The EU has approved a new regulation (Regulation (EU) 2020/1503) catering for crowdfunding rules, and applicable to all Member States. The rules are directed to European Crowdfunding Service Providers (ECSP). In a nutshell, crowdfunding services providers operate publicly accessible internet-based platforms that facilitate the funding of projects by raising capital from numerous investors who each contribute a relatively small investment. The main objective of this Regulation is to foster cross-border crowdfunding services and to cater for the freedom to provide and receive such services in the internal market.
The current system encompasses several divergent pieces of domestic legislation, each catering to the needs and features of their own legal system. Such fragmented legislation has created many obstacles for potential investors, who may have found themselves being discouraged from cross-border investing due to the uncertainty of cross border rules or any supplementary costs to remove such uncertainties. As a result, crowd-funding platforms across the Union have, overall, remained national, to the detriment of an EU wide crowdfunding market.
The new Regulation seeks to overcome these obstacles to cater for the proper functioning of the internal market on crowdfunding services and the cross-border funding of businesses. For example, the Regulation holds that Member States will not be allowed to impose additional requirements on crowdfunding service providers that will be authorised under this Regulation. Simultaneously, the Regulation also aims to ensure a high level of investor protection across the Union.
Taking into account the risks associated with crowdfunding investments, the Regulation imposes a threshold of €5,000,000 as the total consideration for crowdfunding offers, calculated over a period of 12 months per project owner.
ECSPs are required to provide their clients with clear and fair information about the risks and charges related to their services. This includes information related to the default rates of loans, as well as insolvency risks and project selection criteria.
The Regulation differentiates between sophisticated and non-sophisticated investors and imposes different levels of protective measures for both categories. The distinction between these two classes of investors should take into account the level of experience of prospective investors in and knowledge of crowdfunding. ECSPs are obliged to run an appropriate knowledge entry test that follows the requirements laid down in the Regulation in order to gage their clients’ level of knowledge. The Regulation then imposes certain obligations on the ECSPs that require them to implement additional protective measures with respect to their non-sophisticated investor clients, such as explicit warnings that their crowdfunding services may be inappropriate for them, and the express acknowledgment from such users that they understand the risks they are taking on.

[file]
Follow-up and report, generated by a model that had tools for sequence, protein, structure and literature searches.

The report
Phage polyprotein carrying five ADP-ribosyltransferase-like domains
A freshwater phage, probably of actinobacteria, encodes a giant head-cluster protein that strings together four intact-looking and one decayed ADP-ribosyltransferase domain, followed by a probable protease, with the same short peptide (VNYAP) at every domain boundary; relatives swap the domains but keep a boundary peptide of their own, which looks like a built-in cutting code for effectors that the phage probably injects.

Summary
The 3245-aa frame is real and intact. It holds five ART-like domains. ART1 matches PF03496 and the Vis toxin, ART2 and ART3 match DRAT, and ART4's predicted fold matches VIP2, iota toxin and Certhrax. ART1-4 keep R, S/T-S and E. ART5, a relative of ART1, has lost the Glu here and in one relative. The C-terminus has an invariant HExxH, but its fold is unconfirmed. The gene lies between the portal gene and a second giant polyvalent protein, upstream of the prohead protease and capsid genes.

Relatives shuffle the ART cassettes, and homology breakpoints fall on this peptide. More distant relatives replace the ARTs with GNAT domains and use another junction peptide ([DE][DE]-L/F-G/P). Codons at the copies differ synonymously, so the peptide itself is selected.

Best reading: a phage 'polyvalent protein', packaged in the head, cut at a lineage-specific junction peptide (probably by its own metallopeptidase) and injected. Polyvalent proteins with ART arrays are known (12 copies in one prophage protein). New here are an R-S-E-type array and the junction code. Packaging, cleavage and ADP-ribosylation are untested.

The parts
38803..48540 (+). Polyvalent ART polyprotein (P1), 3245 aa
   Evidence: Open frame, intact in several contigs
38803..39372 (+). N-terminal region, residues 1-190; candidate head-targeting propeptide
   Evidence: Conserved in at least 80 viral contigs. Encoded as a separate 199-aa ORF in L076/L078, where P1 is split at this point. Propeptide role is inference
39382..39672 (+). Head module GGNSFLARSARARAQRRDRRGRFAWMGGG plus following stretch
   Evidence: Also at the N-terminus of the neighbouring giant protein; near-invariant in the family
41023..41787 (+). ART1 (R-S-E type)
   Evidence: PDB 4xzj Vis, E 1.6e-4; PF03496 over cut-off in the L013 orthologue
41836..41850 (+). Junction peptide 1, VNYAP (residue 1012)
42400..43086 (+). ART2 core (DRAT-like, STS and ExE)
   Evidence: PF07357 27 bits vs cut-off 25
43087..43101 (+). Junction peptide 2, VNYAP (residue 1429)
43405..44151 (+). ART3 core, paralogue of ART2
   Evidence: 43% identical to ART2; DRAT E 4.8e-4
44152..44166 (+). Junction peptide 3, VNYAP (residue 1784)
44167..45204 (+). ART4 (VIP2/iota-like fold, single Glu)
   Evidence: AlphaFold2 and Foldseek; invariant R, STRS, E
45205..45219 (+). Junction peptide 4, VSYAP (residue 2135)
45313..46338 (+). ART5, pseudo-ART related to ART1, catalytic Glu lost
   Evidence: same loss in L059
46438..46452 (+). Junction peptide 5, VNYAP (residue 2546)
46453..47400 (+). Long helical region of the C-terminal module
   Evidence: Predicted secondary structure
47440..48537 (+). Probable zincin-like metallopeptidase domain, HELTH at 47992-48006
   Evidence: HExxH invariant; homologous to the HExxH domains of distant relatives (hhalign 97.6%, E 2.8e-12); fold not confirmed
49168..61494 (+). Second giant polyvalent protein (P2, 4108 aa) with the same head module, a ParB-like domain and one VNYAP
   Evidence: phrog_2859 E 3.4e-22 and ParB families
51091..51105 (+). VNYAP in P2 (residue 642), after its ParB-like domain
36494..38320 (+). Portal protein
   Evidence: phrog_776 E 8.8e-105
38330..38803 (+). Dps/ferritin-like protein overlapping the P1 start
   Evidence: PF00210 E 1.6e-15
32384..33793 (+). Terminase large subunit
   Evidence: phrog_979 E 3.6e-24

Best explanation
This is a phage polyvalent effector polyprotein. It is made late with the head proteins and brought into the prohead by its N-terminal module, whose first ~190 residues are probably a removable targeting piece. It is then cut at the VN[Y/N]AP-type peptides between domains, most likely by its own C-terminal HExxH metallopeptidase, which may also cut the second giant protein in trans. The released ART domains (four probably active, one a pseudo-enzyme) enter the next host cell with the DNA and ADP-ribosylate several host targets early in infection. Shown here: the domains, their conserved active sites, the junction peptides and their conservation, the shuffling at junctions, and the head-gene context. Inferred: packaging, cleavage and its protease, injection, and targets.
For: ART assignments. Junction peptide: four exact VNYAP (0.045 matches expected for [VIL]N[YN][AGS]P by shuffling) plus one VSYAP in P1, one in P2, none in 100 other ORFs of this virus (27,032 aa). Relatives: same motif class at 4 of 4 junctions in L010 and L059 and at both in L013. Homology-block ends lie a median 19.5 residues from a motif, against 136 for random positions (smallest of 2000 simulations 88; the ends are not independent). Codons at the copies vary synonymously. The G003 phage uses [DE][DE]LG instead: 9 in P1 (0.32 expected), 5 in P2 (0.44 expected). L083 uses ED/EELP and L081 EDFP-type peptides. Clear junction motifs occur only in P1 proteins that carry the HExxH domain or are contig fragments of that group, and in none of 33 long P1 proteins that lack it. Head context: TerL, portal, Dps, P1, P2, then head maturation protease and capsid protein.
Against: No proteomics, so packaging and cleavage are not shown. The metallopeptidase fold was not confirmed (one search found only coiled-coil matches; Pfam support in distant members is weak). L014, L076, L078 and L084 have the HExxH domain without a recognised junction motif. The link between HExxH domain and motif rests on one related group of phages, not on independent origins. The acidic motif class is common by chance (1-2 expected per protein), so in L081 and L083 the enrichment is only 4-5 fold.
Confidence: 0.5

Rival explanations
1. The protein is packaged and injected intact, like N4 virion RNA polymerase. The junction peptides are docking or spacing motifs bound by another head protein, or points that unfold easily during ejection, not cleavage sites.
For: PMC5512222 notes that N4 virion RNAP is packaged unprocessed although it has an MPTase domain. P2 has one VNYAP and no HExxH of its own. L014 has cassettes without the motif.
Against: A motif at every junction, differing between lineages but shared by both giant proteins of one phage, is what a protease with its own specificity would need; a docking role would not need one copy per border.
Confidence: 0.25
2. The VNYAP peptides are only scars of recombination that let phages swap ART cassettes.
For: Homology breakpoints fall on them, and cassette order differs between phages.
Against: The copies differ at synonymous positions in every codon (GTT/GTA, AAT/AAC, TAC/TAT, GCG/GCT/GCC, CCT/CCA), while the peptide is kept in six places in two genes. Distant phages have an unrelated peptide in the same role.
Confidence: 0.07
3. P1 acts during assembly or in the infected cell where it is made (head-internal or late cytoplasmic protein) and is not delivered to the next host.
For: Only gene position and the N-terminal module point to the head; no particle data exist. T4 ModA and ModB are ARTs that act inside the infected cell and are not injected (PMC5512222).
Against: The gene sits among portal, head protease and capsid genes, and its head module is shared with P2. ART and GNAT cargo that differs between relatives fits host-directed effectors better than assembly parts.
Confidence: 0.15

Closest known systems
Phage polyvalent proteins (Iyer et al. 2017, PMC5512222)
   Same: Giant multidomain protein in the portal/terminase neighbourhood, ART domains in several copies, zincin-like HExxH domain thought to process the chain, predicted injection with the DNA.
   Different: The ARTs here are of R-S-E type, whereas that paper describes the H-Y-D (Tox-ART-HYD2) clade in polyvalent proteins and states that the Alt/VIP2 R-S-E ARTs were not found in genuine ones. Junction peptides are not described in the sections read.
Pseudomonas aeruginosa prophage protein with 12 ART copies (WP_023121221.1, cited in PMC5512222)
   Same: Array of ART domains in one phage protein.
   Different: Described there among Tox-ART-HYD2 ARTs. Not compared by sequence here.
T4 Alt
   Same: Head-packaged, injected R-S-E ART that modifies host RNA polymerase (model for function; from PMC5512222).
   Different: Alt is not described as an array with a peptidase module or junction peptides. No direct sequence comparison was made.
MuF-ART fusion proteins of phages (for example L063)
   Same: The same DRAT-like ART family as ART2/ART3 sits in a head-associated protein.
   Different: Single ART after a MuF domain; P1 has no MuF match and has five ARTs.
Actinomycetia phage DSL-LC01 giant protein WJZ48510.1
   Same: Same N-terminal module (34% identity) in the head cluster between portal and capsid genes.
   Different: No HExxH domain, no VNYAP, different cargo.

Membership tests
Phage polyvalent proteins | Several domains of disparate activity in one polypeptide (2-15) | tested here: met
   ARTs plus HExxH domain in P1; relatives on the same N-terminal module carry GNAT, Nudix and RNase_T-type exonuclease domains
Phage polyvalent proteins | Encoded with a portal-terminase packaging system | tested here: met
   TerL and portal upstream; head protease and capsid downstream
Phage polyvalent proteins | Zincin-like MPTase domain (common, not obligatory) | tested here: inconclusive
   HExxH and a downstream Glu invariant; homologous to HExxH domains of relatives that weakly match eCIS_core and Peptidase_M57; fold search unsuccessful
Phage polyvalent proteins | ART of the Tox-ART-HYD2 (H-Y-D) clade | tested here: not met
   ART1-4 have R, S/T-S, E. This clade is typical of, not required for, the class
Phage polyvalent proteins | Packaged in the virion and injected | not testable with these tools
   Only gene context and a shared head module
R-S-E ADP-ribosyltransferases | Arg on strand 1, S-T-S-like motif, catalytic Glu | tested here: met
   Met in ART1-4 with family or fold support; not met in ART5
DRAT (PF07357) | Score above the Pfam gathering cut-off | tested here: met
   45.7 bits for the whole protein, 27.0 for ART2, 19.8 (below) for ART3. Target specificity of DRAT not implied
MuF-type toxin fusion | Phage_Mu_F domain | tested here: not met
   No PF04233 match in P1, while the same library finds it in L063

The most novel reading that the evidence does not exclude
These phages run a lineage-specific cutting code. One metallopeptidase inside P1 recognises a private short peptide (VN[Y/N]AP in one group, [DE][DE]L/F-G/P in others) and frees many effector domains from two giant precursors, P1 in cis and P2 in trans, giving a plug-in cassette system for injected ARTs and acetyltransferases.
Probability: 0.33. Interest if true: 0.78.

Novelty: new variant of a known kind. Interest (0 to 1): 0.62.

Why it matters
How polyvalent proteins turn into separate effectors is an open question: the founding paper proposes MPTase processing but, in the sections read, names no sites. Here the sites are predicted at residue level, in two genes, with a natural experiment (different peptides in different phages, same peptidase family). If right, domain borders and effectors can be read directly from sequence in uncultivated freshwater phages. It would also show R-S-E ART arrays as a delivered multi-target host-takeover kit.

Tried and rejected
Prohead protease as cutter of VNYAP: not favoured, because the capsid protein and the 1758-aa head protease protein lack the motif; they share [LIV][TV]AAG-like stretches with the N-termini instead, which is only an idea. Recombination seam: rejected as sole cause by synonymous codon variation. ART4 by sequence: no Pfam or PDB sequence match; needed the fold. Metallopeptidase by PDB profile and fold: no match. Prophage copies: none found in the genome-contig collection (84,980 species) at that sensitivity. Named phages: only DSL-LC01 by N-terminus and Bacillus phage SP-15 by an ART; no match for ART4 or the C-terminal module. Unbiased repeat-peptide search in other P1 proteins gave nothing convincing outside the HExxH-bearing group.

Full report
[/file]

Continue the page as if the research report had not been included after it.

The Regulation also stipulates the content of a key investment information sheet (KIIS) that ECSPs must provide to their investors for every crowdfunding offer to allow them to make informed decisions. The KIIS must comply with all the requirements set out in the Regulation but, for the sake of efficiency, does not need to be approved by the competent authority.
Additional requirements designed to ensure investor protection include:
Authorisation and Supervision
Each Member State is required to designate a national competent authority (NCA) that will act as a single point of contact with the European Securities and Markets Authority (ESMA) and other national competent authorities across the Union. The NCAs will have both supervisory and investigatory powers as determined by the Regulation, to be exercised within the limits of their national law. ESMA and the NCAs must act objectively and impartially and must remain autonomous in their decision making. Coordination between different NCAs will be required where ECSPs wish to provide their services in other Member States. In this regard, the different NCAs must follow the procedure set up in the Regulation in order to facilitate the cross-border provision of services. ESMA will be responsible for coordinating cooperation between NCAs and EU member states.
Back in 2018, the MFSA had issued the requirements regarding applications for a licence to carry out Investment-based Crowdfunding under the Investment Services Act. Under the MFSA’s rules, crowdfunding platforms were required to be licensed under the Maltese Investment Services Act, and each individual offer could not exceed €1,000,000 over a period of 12 months. Furthermore, non-professional investors could not invest more than the lowest between €5000 and 20% of their net annual income over a period of 12 months on a specific crowdfunding platform.
The Regulation is intended to apply from 10 November 2021, and we can therefore expect the MFSA to revise its rules on crowdfunding platforms in the coming months.
News update by Dr Gigi Gatt and Dr Cherise Abela Grech.
Disclaimer: This article is not intended to impart legal advice and readers are asked to seek verification of statements made before acting on them.